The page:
Photonic bandgap structures have received much attention as optical and infrared filters with controllable narrow-band absorbance. There is a need, however, for the same kind of control of the thermal emittance of surfaces for applications ranging from control of radiative heat transfer to gas absorption spectroscopy. We report on the fabrication of photonic bandgap structures on silicon surfaces using standard lithographic techniques. Substrate resistivity varied from n− to n+ and in some cases background surface emissivity was suppressed with a high reflectivity coating such as aluminum. We have measured the infrared reflectance and emittance of these patterned surfaces. Peak absorption wavelength and spectral purity (linewidth) correlate with photonic bandgap feature size and spacing as well as surface conductivity. We demonstrate band emission with a sharp short wavelength cut-off from these structures when heated.
Two players with differing amounts of money simultaneously choose an amount to bet on an even-money win-or-lose bet. The outcomes of the bets may be dependent and the player who has the larger amount of money after the outcomes are decided is the winner. This game is completely analyzed. In nearly all cases, the value exists and optimal strategies for the two players that give weight to a finite number of bets are explicitly exhibited. In a few situations, the value does not exist.
We consider a generalization of the house-selling problem to selling k houses. Let the offers, X1, X2, · ··, be independent, identically distributed k-dimensional random vectors having a known distribution with finite second moments. The decision maker is to choose simultaneously k stopping rules, N1, · ··, Nk, one for each component. The payoff is the sum over j of the jth component of minus a constant cost per observation until all stopping rules have stopped. Simple descriptions of the optimal rules are found. Extension is made to problems with recall of past offers and to problems with a discount.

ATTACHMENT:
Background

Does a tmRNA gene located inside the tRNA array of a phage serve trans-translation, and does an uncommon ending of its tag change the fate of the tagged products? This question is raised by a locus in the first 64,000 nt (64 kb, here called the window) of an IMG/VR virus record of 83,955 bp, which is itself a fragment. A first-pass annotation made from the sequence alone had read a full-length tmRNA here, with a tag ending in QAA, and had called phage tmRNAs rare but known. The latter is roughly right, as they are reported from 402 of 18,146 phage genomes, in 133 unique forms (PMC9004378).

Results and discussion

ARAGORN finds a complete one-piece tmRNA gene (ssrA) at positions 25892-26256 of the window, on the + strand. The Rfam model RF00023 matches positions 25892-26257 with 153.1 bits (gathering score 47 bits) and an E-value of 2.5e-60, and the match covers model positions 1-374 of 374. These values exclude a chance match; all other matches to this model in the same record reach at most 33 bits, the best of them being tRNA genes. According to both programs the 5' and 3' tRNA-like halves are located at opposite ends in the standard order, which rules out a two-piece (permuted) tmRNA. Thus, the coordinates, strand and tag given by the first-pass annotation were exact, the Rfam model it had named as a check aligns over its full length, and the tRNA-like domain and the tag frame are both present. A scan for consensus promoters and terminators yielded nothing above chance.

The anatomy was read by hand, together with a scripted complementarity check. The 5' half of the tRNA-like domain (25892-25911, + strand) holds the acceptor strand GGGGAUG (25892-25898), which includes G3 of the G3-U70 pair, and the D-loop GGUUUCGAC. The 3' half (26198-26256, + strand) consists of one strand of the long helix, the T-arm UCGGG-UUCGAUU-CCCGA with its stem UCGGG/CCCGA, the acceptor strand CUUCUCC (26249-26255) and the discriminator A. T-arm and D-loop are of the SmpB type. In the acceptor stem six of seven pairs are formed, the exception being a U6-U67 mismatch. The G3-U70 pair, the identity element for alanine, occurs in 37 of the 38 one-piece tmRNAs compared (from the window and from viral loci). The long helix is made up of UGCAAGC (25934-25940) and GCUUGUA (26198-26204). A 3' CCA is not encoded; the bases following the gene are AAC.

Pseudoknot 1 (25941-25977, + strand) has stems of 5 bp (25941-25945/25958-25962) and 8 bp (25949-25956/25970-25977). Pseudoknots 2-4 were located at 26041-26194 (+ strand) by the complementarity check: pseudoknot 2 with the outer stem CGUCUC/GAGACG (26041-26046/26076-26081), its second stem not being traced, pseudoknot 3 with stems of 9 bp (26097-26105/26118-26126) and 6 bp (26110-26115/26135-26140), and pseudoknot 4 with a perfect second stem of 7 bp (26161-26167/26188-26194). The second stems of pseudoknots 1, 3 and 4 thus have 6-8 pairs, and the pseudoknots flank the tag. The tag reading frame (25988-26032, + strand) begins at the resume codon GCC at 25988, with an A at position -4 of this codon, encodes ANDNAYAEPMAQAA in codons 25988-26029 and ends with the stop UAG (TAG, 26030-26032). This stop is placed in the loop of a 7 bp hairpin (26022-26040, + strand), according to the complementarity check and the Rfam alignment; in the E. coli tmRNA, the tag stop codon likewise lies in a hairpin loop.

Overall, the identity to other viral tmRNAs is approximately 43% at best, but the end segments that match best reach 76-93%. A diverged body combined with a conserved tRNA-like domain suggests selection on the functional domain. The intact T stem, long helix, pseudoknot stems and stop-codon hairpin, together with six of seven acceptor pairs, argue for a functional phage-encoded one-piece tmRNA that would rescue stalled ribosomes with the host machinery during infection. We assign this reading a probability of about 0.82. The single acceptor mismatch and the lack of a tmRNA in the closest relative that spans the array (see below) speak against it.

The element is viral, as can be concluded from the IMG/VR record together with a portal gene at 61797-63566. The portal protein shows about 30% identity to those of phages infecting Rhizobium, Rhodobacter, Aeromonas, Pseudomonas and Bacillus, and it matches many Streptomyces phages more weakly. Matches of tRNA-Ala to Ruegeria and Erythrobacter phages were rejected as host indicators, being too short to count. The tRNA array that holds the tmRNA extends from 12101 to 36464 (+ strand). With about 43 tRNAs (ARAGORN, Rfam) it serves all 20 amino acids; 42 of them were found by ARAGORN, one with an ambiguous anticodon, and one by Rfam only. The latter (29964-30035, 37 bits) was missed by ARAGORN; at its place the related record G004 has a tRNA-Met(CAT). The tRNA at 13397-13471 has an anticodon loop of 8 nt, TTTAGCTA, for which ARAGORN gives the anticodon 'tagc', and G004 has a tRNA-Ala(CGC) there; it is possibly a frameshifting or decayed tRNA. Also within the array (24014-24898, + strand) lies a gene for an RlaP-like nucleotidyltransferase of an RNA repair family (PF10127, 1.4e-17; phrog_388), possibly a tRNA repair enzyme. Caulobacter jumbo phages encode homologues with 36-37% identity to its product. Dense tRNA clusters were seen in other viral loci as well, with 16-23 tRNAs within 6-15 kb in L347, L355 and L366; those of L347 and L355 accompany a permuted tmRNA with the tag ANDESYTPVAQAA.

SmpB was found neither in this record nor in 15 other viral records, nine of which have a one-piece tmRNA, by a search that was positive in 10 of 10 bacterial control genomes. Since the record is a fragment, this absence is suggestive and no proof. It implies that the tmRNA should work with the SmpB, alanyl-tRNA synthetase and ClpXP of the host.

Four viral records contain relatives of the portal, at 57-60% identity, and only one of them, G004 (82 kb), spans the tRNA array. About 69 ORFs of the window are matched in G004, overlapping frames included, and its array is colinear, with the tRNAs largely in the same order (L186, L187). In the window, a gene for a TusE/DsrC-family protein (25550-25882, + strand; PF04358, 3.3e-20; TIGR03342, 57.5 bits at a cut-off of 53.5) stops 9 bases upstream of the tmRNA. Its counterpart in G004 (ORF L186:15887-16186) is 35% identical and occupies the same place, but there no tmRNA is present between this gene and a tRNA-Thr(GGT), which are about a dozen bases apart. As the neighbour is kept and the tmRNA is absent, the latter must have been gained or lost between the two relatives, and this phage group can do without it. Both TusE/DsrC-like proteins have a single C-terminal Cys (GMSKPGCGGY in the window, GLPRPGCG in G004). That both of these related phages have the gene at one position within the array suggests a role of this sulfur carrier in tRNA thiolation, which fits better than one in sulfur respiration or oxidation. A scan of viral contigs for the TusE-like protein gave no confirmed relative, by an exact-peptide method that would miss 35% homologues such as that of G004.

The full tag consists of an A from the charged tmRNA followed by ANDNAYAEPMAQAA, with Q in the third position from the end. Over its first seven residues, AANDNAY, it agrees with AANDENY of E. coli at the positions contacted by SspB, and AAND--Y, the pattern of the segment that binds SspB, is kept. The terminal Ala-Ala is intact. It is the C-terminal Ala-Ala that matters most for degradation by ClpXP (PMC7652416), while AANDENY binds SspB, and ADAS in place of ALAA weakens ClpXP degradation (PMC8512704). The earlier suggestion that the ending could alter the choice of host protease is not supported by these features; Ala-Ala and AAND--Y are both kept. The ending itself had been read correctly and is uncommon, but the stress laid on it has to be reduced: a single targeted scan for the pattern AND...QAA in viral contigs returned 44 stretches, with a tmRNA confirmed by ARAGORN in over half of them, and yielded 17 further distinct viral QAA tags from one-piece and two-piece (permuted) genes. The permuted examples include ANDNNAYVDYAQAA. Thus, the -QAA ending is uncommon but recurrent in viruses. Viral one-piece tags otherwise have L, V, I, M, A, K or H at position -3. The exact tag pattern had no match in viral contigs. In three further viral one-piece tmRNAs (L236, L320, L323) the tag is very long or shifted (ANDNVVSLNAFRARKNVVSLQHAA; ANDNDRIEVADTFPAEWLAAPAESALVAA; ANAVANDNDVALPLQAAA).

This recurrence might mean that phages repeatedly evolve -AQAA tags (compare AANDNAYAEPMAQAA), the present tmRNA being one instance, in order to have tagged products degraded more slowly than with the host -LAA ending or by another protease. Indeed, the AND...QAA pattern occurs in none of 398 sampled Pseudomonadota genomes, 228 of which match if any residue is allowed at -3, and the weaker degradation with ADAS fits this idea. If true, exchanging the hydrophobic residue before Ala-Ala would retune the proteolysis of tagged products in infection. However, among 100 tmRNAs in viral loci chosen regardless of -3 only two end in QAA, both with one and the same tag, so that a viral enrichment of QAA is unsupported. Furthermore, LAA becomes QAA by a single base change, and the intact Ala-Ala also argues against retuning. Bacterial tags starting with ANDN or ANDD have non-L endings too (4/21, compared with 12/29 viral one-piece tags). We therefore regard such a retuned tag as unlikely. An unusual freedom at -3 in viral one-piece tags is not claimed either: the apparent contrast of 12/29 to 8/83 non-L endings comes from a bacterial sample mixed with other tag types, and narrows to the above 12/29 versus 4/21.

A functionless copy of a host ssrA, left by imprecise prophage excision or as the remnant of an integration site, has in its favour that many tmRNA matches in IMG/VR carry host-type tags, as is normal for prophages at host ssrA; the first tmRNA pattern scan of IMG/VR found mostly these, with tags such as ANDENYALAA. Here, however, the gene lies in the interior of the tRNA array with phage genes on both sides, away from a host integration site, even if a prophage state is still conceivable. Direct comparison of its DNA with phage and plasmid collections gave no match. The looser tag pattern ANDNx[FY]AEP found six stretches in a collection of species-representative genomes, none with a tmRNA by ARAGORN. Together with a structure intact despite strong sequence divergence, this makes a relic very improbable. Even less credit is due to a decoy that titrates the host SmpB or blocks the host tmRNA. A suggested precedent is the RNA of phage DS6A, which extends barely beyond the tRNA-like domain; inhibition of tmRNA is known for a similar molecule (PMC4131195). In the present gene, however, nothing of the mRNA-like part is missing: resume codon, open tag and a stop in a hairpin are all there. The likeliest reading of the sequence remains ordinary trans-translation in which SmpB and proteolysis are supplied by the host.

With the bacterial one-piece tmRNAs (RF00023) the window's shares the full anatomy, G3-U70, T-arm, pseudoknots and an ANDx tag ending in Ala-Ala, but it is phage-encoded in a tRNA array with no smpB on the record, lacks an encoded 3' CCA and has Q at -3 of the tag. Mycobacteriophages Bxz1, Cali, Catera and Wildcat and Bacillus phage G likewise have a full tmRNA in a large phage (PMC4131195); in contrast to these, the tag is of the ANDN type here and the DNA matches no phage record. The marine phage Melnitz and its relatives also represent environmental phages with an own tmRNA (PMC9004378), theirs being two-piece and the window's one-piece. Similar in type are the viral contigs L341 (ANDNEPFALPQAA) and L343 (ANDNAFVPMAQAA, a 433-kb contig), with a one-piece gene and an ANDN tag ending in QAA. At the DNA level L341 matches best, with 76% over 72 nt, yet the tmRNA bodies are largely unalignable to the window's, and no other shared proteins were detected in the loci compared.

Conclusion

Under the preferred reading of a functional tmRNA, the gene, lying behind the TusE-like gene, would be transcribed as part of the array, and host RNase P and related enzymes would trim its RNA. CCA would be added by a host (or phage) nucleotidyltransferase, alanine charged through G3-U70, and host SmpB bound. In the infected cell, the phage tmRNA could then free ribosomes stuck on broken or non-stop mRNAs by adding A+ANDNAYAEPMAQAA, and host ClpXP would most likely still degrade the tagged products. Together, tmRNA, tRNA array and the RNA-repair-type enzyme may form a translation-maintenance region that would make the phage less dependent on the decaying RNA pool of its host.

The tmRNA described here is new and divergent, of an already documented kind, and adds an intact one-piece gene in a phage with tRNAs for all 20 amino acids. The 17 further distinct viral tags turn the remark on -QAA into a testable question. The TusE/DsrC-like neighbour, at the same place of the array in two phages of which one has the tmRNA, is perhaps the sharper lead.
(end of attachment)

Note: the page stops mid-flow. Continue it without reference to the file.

Cowan (1992) has addressed the question of how a team should allocate its players to achieve the optimal balance between offence and defence. He posed a simple territorial game called ‘Teamball' and derived a saddle-point solution under conditions which are claimed to be fairly general. In this paper we find that some restrictions are indeed required, leading to an interesting analysis.